In high school and college, I studied French. I think I was under the misapprehension that I would be moving to France sometime in the near future, or at least Quebec. No matter that both my grandparents spoke Spanish as well as English, and I could have practiced español on the bus, at my friends’ houses, and, well, everywhere else. I ruined my perfect schoolgirl Spanish by taking French, and now I am ignorant in both languages.
The one thing I absorbed was the weird (to me) articles that denoted the masculine and the feminine. Le, la, les and l-apostrophe tell you the gender of the object/person/place in question. Some applications of the French “the” make perfect sense, while others are utterly screwball. Fashion has been going in a similar direction for quite some time; the masculine and the feminine have not merely reversed, as we saw in the latter 20th century — gendered clothing has become obsolete.
Do not raise an eyebrow at me. This movement has been in the air for quite some time. We will. Get through it. Together.
A condensed 20th-century lineage of styles that have led us to the now: glam rock and “new romanticism” begat hair metal and gothic, the natural precursors to all that chipped black/blue/green nail polish that seemed to be on every trendy male hand three years ago.
Annie Hall spawned a rash of horrid vest-wearing in the late ’80s that slid directly into the early ’90s, wherein the unnaturally thin Kate Moss swapped out the vest for skinny, fitted T-shirts, vaguely manly layers, and thick-soled shoes, parts of which started showing up on the fashion-illiterate Mischa Barton 12 years after style-savant Moss arrived on the scene — in that brief period when Vogue staffers thought Barton would be the next It-girl. (She wasn’t.)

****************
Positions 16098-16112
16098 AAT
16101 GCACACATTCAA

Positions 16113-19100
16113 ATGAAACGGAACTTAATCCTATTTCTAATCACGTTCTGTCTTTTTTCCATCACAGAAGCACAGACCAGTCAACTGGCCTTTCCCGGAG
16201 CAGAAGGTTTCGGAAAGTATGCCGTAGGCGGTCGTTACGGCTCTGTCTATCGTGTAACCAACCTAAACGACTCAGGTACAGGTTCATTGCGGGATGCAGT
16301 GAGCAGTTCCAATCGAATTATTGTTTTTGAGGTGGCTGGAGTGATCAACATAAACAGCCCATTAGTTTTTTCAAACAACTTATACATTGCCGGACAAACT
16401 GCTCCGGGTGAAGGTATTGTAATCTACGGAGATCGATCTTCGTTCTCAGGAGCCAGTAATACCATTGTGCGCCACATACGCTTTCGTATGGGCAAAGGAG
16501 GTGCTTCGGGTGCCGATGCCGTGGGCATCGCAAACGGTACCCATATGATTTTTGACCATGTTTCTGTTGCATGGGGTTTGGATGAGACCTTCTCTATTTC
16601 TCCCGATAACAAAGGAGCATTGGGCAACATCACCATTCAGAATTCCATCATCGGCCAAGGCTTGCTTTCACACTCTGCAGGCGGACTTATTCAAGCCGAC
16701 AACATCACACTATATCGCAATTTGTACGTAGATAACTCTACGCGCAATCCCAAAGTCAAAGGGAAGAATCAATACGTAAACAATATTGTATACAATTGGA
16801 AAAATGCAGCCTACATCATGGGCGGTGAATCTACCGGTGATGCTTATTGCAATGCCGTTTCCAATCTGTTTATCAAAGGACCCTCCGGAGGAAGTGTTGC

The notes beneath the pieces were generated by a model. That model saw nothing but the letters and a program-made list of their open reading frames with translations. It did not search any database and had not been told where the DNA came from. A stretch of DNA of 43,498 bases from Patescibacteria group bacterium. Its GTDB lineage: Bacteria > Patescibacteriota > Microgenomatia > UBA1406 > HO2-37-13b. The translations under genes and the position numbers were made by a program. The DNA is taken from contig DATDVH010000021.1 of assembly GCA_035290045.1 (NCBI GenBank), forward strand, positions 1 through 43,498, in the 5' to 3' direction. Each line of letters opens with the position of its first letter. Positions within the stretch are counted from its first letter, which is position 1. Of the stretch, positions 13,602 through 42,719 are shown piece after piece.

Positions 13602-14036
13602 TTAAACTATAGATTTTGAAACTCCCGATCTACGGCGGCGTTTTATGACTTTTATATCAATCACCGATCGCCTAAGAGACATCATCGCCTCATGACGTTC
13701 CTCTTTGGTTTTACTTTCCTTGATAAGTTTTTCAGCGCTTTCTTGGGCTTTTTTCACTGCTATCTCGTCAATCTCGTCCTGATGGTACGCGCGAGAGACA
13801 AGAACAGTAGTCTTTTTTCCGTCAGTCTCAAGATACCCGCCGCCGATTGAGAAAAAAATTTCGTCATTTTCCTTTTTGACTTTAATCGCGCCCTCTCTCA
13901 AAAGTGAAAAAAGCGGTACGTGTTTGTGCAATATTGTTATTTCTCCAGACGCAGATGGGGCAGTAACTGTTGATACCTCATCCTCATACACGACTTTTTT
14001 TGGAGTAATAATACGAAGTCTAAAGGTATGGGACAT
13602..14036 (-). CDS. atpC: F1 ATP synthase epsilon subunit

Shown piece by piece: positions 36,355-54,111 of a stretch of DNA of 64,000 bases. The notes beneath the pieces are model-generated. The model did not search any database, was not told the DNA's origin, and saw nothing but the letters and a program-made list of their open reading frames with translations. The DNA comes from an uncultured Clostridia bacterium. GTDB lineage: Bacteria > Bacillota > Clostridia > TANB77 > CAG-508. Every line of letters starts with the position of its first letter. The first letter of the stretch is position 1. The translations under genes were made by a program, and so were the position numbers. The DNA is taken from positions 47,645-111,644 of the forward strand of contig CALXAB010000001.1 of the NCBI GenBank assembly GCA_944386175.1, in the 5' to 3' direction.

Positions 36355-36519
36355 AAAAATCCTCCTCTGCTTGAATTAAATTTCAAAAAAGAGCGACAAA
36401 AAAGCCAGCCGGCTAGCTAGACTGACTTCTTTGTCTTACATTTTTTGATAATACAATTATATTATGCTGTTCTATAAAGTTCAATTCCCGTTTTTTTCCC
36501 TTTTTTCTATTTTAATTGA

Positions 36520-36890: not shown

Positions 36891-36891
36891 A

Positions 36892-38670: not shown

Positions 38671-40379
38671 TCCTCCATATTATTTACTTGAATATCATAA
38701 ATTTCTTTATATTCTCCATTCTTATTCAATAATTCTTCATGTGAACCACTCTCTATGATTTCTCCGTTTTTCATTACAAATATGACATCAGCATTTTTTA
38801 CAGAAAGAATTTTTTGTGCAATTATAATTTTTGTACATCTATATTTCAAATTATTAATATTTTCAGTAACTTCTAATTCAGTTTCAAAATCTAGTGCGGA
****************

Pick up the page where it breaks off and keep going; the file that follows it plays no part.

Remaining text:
No crystal ball was needed to figure out that gender-neutral clothing accessories were coming to the fore for the 20-something set during the last five years. The 30-and-ups have been told, in no uncertain terms, to Dress Like Ladies and Gents, which will stick for about one more spring season (thank you, Mad Men). As of next fall, the rest of us grownups will be told to loosen up, start wearing Palestinian scarves and chunky or filligree rings, pants with a difficult drape-and-taper, and tweedy hats. The ankle boots wait patiently on department-store shelves, soon to be alongside a crazy array of spectators, oxfords, and creepers. Short, frothy haircuts for men and women are in the works (like young model Agyness Deyn, only tamer).
New York’s Misshapes, the fashion-music empire started by three DJs in 2002, just released a book of fashion portraits taken during the last six years. Men’s designer Hedi Slimane clothes are collected by well-off 20-somethings, best highlighted by the underfed bodies so reminiscent of 1990s heroin chic.
Now, before everyone starts trying to figure out how to work this “new look” into a wardrobe worn thin by the beginnings of a nasty recession and a few anemic fashion seasons that appealed to no one, let’s review the basic facts that every style-smart person must remember during this radical fashion shift:
Only the very young, the very strange, and the unconventionally thin will be able to pull off this look head-to-toe, which they have been doing for eight seasons now. Pictures are available on Google. It is that entrenched.
If you are not the very young, you have the luxury of picking what you like from these trends, and ignoring the rest. Or, you can do what I often end up doing: ignore all of it, and focus on your own fashion obsession of the moment.
If you really, really hate the new androgyny, yet feel the need to occasionally appear on-target, invest in a well-made, tailored hat for the fall season, preferably in a brown or gray patterned weave. A cashmere scarf in camel or dark cement tones will finish it off.
For those of you who have already peppered your wardrobe with this look to the point of being a little tired of it, I say focus your energies on adding fine fabrics and textures, and save your money for investment accessories, such as rings and scarves that you will love for many years.
And while we are on that subject, the 1990s remixed and redone are on their way, seen most recently in all of that tight Lycra-blend, and tube dresses galore. I see new supermodels galloping in the distance, like the riders of a fashion apocalypse, ready to sweep us all up — and into the next decade. •
BUY BUY LOVE
Rock Paper Scissors, a favorite, but by no means solo, SA arts-and-crafts collective, is opening a public “clubhouse” at 716 S. Alamo. Hours will be limited to First Fridays, special events, and weekends at first, but you can always make an appointment to purchase fabulous handmade fashions and home accoutrements by, i.e. Rhonda Kuhlman, Jane Bishop, and Paula Cox; call Jane at (210) 262-6698. Put the Grand Opening, 5:30-9 p.m. Thursday, February 5, on your calendar. And look for Leigh Baldwin’s profile of the new shop in next week’s issue of the Current.